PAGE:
Once Janine has seen a koala a few times she gives it a name and a page in her Koala ID Book. From then, each time a koala is seen it is recorded, both in the ID book and on one of our special Koala Day Maps. Every Koalas & Kangaroos IN THE WILD tour, Great Ocean Road tour and special group tour we do contributes to this research - travellers and guides work together to find koalas, guides identify koalas (or describe new ones on the back of the map) and a dated Koala Day Map is produced with the location and name of each koala sighted. We now have thousands of Koala Day Maps on file.
As more information is collected it becomes apparent where an individual is commonly seen and from this we get a picture of the so called “home range” of that animal. We combine this with all sorts of other information including colour, ear shape and disposition, to form an overall picture of the koala and its place in the environment.
Home range is never definitive - koalas will move in and out of their home range as and when they see fit, (causing all sorts of confusion to their human observers! Ah, the joys of research!) Males and females both have home ranges. Males have a tendency to defend their home range whilst females seem to overlap significantly without too many problems.
On Nose Patterns
So Janine could learn about koalas she had to work out a way of identifying them. She did not want to catch and tag them because she thought that would upset them too much - also it is very difficult to catch a koala. Without doubt the most exciting and useful discovery Janine has made is that each koala can be identified by a pattern of markings on and around its nose. As a wildlife artist Janine's eye for detail led to the realisation that the pattern on a Koala's nose is as individual as a human fingerprint and can be used to identify koalas with great precision.
Now we can use home range knowledge, noses (and in the future DNA) to identify a koala wherever it may be - radio collars and other disruptive equipment are not required.
Many wildlife researchers will not give their subjects names because they believe it brings them too close to the animal and clouds their perception of their subjects. Others feel that by naming animals they give them anthropomorphic qualities. Janine disagrees with both these assumptions. Once a koala has been identified by nose pattern it is given a name and is referred to as “he” or “she” not “it”. By using this approach we find that everyone associated with an individual koala feels an attachment to it and a genuine interest in its well being. When a new baby is born we all know the name of the mother and sometimes the name of the father. We have seen a number of our named koalas move from healthy adults into old age and finally death. All this has allowed us to form a generational perception of the environment and the individuals that live in it. Certainly Janine could use numbers instead of names but a name is more sympathetic to the fact that each koala is very obviously an individual.
All Janine's research is done in the wild so that we get a genuine understanding of the animals. Koalas like to be near each other but not too close - in the wild their personal space is rarely less than 40 metres. In the wild it is extremely unusual to see two koalas in a tree except in the mating season or when a joey (baby koala) is with its mother for a few months after it leaves the pouch. Although koalas in the wild are generally well removed from each other they are very aware of each others location in the forest - even if they cannot see each other they still seem to know where other koalas are located. They will often look in the direction of another koala which may not even be in sight. They have very highly refined senses of smell, hearing and sight and, because sounds and smells have a tendency to rise, a koalas location high in the treetops gives it a far greater awareness of what is going on than ground-based animals.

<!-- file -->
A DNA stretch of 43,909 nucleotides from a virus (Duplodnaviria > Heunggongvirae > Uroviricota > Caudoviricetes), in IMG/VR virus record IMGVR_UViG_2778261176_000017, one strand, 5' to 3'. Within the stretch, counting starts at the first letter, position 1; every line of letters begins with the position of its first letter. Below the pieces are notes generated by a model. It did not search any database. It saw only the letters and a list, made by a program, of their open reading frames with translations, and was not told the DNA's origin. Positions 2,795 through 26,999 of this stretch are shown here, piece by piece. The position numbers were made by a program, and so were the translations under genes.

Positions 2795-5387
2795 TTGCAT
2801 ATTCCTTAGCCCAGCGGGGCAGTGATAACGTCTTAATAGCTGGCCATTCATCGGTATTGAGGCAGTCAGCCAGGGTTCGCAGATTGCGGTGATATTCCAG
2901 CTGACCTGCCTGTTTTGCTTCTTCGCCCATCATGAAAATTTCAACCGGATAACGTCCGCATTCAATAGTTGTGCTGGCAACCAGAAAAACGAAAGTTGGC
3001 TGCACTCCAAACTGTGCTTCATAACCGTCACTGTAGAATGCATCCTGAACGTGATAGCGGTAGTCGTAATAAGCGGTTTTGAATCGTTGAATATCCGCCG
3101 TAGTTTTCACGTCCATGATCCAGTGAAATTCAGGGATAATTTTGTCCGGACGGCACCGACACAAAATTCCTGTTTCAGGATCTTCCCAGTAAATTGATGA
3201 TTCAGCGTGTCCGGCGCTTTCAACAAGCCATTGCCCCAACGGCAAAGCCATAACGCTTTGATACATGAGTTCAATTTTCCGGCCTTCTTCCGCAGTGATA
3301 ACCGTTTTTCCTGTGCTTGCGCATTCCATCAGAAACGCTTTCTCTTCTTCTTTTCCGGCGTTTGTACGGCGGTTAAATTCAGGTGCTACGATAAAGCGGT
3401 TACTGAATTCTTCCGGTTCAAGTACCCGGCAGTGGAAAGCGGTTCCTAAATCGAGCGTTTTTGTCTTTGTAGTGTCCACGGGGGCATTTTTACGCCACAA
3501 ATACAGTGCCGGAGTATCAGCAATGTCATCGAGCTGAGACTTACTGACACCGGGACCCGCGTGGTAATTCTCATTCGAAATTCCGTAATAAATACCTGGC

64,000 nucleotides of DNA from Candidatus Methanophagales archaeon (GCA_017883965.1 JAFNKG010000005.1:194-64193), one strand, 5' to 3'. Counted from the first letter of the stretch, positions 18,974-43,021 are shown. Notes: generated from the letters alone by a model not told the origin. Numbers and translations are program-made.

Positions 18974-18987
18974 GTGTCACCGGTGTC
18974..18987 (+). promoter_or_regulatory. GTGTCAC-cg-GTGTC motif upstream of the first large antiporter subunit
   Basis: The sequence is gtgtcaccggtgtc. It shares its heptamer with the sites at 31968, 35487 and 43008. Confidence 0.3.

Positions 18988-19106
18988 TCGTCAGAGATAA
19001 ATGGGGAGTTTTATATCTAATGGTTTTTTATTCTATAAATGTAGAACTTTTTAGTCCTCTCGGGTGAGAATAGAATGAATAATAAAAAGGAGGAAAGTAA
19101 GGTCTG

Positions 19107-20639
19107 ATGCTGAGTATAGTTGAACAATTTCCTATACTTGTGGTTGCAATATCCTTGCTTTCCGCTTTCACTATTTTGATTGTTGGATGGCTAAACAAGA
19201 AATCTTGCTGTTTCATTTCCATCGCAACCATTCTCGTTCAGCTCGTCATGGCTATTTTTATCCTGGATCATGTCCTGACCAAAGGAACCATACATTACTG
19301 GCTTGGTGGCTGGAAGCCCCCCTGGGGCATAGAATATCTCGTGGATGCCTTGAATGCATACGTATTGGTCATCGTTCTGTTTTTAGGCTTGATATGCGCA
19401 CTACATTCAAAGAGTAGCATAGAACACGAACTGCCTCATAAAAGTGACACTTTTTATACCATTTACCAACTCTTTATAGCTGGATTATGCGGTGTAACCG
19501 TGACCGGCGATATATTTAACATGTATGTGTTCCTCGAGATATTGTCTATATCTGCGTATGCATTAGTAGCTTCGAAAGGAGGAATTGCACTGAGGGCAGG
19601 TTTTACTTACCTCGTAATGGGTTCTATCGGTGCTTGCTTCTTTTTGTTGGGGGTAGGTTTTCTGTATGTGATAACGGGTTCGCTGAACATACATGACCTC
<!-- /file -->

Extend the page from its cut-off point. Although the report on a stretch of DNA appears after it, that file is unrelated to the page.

Males produce a powerful scent through a gland on their chest which they rub on each tree they climb and females almost certainly give off pheromones in the mating season that waft through the forest. Both the droppings and the highly concentrated urine of koalas have powerful scents that, to a human observer can be obvious, but to a koala would indicate the presence of certain individuals. Added to all of the above, koalas are very perceptive and have a clear and intelligent knowledge of their broad locality - probably on a tree by tree basis. This knowledge would also increase exponentially as the koala grows older.
If we place koalas together in a caged environment we are radically altering their natural desire to keep their distance from each other and dramatically increasing the degree of “koala-ness” (scents and sounds etc) around them. This sensory overload seems to affect koalas by “dumbing them down”. They may appear more tolerant of each other but there is a cost. Generally males must be kept away from each other to avoid fights and all animals of both sexes seem far less active than they are in the wild. It is almost like there is a “koala overload” - too much of a good thing. They may look happy but they are definitely not doing things the way they would in the wild. This is part of Janine's reason for researching koalas in the wild but she also believes in the dignity of wildness. As she said in a recent paper to the Australian Koala Foundation:
“Why is dignity important? I believe that we preserve what we love. Humans can love koalas because they seem cuddly and cute, but this is a myth and bound to be discovered eventually. Or, humans can love and respect koalas for their real attributes - their calm approach to life, their quirky sense of humour, their courage and their determination to get that out-of-reach juicy leaf! Their exceptional maternal qualities, their balance and ability high in the small branches of a tree, and their ability to learn are all visible IN THE WILD.”